Whoever published the first Bible could have had the order of the Commandments reversed; in effect, the last commandment could have been made to read as the first. If the first commandment had become the last, one could look back to the earlier nine and see what laws God supported. Putting God first is like baptizing a child before the child knows what is happening and what he-she is being committed to.

In short, the Word replaced the Act. If any pundit, psychologist, political analyst, or writer wonders why our civilization today is passive, they need look no further than this decision to make commandment ten read as first. This in one fell stroke denigrated and eliminated any right for the subjective mind to act in its own right.

By the time we reach Joan of Arc in the 16th century [we cannot really be sure of the dates, because official dating occurred only some time after the Council of Trent (1545-1563)], law making—predating the Hammurbi Code—had a long and well established tradition.

Nevertheless, the fact that the Word as God came without a date, it made for uncertainty regarding its past. And if the Word of God was good only in the mouths of priests (early lawyers), their subjective thoughts were still operational and to be taken note of. I.e., even if you and I had no say in any matters and had to await the decisions of authorities before we could make a move, the actual situation could move away from us, that is to say, it could deteriorate. In this way the God of the lawmakers could delay decision making, sometimes with catastrophic results.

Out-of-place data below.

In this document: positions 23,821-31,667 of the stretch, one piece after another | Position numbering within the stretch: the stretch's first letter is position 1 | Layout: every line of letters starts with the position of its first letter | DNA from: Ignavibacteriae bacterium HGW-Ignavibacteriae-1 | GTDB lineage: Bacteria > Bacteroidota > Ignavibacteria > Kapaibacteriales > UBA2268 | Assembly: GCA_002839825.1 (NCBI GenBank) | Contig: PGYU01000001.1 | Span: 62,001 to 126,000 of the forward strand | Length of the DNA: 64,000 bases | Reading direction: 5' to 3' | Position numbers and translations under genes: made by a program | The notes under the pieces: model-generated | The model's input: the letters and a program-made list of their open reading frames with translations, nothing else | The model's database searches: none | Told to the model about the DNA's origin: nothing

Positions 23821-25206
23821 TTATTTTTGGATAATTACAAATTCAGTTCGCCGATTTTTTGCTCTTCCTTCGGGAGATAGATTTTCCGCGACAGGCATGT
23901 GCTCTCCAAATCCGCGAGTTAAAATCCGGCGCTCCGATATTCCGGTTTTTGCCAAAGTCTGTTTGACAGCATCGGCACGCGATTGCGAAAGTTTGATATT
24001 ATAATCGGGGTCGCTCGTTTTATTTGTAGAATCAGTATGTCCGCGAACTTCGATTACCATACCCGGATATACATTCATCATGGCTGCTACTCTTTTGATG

One may speculate that the arrival of Joan of Arc to save the kingdom of France and to return the crown of France to King Charles, the rightful king, despite many assertions to the contrary, was eagerly awaited by the Catholic Church. As the initiator of Laws by earlier kings and princes, for lack of dating, it had created a situation (in France, the country of origin for Catholicism which subsequently was responsible for overthrowing  Christianity in the East, where God had continued to prevail as Act) it needed to be rescued from.

The Church had come to its downfall, because if it was to serve power-seeking princes, it also had to replace the Acts of kings (Acting in the name of God) with God as the Word. As they reset the social order, the early and inevitable conflicts with the Christians of the East went undated. The fighting was a hahey or tumult of violent acts, and there were no umpires. Blood flowed freely, and it was said that there was not enough water (sacred to the people of the land) to wash it away.